When planning for retirement, what do you consider? How much income your pension would deliver and the lifestyle you could look forward to was probably at the top of the list. However, one important area many are overlooking is the potential cost of care.
It’s understandable why many are missing it out of their retirement plans. No one wants to think about becoming ill or not being able to live independently. You may also think ‘it’ll never happen to me’, and that could be true but as with financial planning in all stages of your life, planning for the unexpected is crucial.
During your working life, you didn’t plan to lose your job, but you may have built up an emergency fund or taken out a financial protection product as a precaution. Making care part of your retirement plan is similar and just as important.
Types of care and the cost of it
The first thing to note is that care comes in many forms, planning for care allows you to set out what your preference would be and how you would pay for it. Some of the options to consider are:
- Support from family and friends: If you have loved ones to rely on, they may be able to help you with day-to-day needs, such as shopping or fetching medication for you. This can significantly keep costs down but there are likely to still be expenses. For instance, you may need to adapt your home to ensure it suits your changing needs later in life.
- Care delivered in your home: In some cases, a carer can come to visit you in your home regularly if you’re able to live independently but need some support. This isn’t as expensive as a care home, but it can add up. A carer coming to visit you for two hours a day at £15 per hour amounts to £10,920 per year. You may also need to adapt your home as mentioned above.
- Moving into a care home: If you need or choose to move into a care home, the costs can be considerable. They will vary depending on the facility and location, but according to Paying for Care, the average cost of a residential care home is £33,852, rising to £47,320 if nursing care is included.
Most people will need to pay for care, either fully or partly, so it’s important to consider how you’d cover these costs if necessary. Taking a proactive approach also means you have more choice and say in what happens.
For instance, if you find you need care later in life, but your savings have been depleted, your options may be limited and may not align with what you’d have chosen. A care home your local council will fund, for example, may not be as close to loved ones as you’d hoped or offer the facilities you want.
How would you pay for the cost of care?
If you haven’t considered how you’d pay for care, you’re not alone.
Research from Canada Life indicated 55% of over-60-year olds haven’t considered or don’t know how they would fund it. Even among those that have thought about it, there could be a gap. Some 21% said they expect to use their State Pension. But at £175.20 a week, this is likely to fall short.
So, how could you use your assets to pay for care?
Research published in the Financial Times identified three key ways those approaching over-55 would pay for care:
- Property Wealth: 29% of those asked said they intended to use property wealth. Equity Release products allow you to access the wealth tied up in your property, which could pay for adaptations or a carer coming to your home. Alternatively, the sale of a property can allow you to pay for a care home. While useful, using property wealth will affect the legacy you leave behind for loved ones and may not align with what you want.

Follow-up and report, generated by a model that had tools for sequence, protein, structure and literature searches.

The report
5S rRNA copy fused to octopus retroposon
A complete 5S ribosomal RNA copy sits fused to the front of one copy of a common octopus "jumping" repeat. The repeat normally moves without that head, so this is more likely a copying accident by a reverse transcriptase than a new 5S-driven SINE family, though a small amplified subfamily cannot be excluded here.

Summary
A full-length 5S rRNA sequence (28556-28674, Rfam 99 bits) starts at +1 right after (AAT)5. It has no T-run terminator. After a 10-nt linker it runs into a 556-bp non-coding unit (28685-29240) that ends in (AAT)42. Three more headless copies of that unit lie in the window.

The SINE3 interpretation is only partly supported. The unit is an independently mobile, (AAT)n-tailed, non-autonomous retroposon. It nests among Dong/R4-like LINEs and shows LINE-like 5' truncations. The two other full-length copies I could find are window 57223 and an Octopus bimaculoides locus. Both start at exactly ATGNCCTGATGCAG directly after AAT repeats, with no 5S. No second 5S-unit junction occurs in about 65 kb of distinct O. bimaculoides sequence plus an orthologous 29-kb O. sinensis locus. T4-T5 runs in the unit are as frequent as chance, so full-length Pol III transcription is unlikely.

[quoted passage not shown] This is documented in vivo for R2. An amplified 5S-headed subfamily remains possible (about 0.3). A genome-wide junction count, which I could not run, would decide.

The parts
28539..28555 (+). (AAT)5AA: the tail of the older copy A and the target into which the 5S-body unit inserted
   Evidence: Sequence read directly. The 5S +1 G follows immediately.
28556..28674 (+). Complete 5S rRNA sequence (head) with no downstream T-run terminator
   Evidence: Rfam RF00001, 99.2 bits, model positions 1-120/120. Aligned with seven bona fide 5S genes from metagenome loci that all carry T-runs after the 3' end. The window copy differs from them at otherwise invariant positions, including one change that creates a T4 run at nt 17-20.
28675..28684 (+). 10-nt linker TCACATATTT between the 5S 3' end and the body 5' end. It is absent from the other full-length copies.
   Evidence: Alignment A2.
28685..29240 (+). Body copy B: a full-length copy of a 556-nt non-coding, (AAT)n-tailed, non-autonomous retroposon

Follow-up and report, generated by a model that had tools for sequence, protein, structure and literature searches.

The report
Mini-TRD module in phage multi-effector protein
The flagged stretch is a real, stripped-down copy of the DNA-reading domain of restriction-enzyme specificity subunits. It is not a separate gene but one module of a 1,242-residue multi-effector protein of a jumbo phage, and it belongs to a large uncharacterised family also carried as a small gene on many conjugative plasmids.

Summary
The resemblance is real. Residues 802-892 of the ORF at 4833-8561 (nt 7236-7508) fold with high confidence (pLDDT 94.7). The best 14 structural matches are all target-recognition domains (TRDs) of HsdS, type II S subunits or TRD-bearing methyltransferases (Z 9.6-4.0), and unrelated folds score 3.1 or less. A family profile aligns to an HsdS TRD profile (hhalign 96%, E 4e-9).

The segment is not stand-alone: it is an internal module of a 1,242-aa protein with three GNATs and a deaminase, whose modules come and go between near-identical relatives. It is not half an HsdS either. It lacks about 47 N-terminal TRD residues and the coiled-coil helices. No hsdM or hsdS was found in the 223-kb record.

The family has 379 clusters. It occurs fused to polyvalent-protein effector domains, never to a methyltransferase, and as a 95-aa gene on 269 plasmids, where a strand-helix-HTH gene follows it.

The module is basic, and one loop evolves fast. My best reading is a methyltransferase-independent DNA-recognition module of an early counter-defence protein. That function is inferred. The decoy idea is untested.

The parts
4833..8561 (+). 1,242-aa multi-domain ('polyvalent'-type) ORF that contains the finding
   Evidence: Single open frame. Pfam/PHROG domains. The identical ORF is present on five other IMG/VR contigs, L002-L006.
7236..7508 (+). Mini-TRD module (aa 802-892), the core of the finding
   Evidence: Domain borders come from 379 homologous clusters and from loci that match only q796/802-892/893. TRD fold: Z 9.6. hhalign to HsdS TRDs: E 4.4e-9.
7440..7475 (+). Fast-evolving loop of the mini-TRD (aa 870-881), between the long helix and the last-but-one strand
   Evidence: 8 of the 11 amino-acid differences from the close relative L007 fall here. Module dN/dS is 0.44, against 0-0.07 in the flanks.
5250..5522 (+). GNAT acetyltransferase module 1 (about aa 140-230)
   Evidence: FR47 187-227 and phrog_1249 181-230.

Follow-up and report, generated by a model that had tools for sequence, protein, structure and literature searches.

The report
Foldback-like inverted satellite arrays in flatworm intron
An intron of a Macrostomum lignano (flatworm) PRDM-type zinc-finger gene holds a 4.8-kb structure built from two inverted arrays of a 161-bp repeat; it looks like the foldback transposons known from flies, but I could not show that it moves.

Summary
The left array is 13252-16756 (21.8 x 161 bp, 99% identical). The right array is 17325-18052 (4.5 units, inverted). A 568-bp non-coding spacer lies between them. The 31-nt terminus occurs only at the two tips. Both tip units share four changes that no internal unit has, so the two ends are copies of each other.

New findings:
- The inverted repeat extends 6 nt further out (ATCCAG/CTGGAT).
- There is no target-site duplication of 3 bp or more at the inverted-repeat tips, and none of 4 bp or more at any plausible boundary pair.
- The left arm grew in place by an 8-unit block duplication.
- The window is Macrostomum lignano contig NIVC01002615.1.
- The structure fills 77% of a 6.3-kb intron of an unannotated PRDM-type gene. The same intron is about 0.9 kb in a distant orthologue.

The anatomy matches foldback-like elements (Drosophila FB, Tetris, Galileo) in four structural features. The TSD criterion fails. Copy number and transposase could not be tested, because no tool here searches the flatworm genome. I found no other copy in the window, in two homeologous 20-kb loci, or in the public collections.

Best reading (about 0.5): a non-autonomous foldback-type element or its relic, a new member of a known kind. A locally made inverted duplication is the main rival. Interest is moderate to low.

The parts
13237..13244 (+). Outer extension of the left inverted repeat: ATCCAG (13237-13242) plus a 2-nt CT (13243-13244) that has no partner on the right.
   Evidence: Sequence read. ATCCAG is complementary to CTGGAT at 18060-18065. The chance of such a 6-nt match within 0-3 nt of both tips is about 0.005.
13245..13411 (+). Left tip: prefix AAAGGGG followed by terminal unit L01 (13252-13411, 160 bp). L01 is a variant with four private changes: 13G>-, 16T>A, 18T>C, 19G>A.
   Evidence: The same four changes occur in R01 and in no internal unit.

- Pension: A lifetime of saving into a pension will have helped you build up a fund to use throughout retirement, including in your later years when care may be needed. As a result, care costs should be considered from the outset if you intend to use your pension. Taking a sustainable level of income from a pension, with the potential need to pay for care in the future, can ensure your needs are met.
- Savings and investments: Alternatively, you may plan to use savings and assets you’ve built up. As with the above, if you’ll also use these to fund other aspects of your retirement, you should ensure your plan considers long-term sustainability and unexpected expenses. If you’d hoped to leave savings and investments to loved ones, it may also affect your legacy.
Making care part of your retirement plan can protect you later in life, ensure your assets stretch far enough and preserve your legacy.
Understanding how to make care part of your retirement plan or how best to set assets aside for care can be difficult. We’re here to help create a solution that’s right for you and consider your retirement aspirations too. Please get in touch to discuss your retirement plan.
Please note: This blog is for general information only and does not constitute advice. The information is aimed at retail clients only.
The Financial Conduct Authority does not regulate Estate Planning.
A pension is a long-term investment. The fund value may fluctuate and can go down, which would have an impact on the level of pension benefits available. Your pension income could also be affected by the interest rates at the time you take your benefits. The tax implications of pension withdrawals will be based on your individual circumstances, tax legislation and regulation which are subject to change in the future.